Launch of BOP Maori economic strategy first of its kind
Thursday, 20 February 2014 5:00 p.m.
New Zealand’s first regionally coordinated Maori Economic Development Strategy was officially launched in the Bay of Plenty today after two years of development and the input of more than 200 iwi and Maori business representatives.
The strategy, He Mauri Ohooho, has been developed under the Bay of Connections framework in partnership with Te Puni Kokiri, and it strongly links with the national strategy, He kai kei aku ringa.
The strategy was officially launched at Mataatua Wharenui in Whakatane and covers the wider Bay of Plenty region including Eastern Bay of Plenty, Rotorua, Western Bay of Plenty and Taupo.
The strategy was guided by an advisory group consisting of Maori business interests, iwi representatives, council members, economic agencies and other organisations.
Bay of Connections Maori Advisory Group co-chair, Richard Jones, says the focus of the strategy is to improve the wealth and wellbeing for Maori across the wider Bay of Plenty region in the key areas of income, employment, health and education.
“Maori economic development is central to our region’s prosperity. The goal of the strategy is to provide the necessary support to ensure the success of the many initiatives that are already underway at local, regional, iwi and trust levels, and provide the medium to develop new ones,” says Mr Jones.
The development of the strategy commenced with an economic analysis of Maori in the wider Bay of Plenty region followed by five consultation hui across the area.
“We have had significant input and support from Maori business representatives through consultation hui. Their contribution is fundamental to the success of the strategy in the future,” says Mr Jones.
Te Puni Kokiri Chief Executive Michelle Hippolite praised the initiative shown in the wider Bay of Plenty to get the strategy launched.
“Te Puni Kokiri is thrilled to be a partner in this work. It demonstrates the kind of thinking we have always hoped He kai kei aku ringa would inspire. Local interests have worked together on ways in which economic development can flourish and contribute to the health and well-being of their communities.“I am sure that there will be many other regions around the country that will watch this work with interest,” says Mrs Hippolite.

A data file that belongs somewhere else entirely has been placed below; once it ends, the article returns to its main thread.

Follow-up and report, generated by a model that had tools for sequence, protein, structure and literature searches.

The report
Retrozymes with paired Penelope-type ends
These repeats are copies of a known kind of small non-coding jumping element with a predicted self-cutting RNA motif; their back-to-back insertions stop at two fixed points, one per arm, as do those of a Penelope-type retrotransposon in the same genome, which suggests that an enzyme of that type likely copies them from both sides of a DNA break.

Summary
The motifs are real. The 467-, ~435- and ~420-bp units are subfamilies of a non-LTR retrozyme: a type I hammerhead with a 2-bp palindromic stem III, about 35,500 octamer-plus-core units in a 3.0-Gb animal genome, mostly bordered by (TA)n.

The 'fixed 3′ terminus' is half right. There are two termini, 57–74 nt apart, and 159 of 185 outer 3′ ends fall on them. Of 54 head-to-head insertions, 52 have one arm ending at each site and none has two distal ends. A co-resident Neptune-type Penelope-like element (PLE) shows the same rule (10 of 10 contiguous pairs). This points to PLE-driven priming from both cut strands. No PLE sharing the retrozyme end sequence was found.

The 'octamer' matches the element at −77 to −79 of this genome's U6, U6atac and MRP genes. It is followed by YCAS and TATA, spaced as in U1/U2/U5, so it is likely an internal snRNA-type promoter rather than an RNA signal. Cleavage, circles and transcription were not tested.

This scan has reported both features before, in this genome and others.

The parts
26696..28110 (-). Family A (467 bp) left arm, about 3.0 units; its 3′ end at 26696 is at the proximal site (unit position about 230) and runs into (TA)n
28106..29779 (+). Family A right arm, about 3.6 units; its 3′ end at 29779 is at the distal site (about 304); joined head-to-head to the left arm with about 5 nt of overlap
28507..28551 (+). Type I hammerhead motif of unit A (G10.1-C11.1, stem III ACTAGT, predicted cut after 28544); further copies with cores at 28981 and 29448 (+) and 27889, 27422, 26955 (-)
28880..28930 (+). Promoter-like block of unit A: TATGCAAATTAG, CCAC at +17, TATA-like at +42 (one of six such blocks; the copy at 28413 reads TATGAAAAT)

Maori Advisory Group co-chair and Bay of Connections Governance Group member, Anthony Olsen, says one of the challenges of the project was to capture actions that support economic opportunities as well as those that focus on capacity building and skill development.
“Communities recognise that all levels of society will contribute to economic development in the region. Maori are major stakeholders and contributors to economic growth in the wider Bay of Plenty and this can be recognised across all sectors, from health and education to forestry and energy, aquaculture and horticulture to freight logistics and sport and recreation,” says Mr Olsen.
The strategy identifies six strategic priorities that will contribute toward the vision of Maori creating wealth, job and prosperity across the region – Strategic Leadership, Collective Asset Utilisation, Business Networks, High Value Business Growth, Capital and Investment and Education and Skill Development.
“The strategy provides the foundation for creating conversations about Maori economic development within our region and developing connections and relationships between Maori entities and other parts of the economy,” says Mr Olsen.
The establishment of a targeted Action Group to implement the strategy is now in progress.
The Bay of Connections is the industry-led growth strategy for the wider Bay of Plenty area, including the Eastern Bay of Plenty, Rotorua, Taupo and Western Bay of Plenty regions, in partnership with the Bay of Plenty Regional Council, New Zealand Trade and Enterprise and the region’s economic development agencies.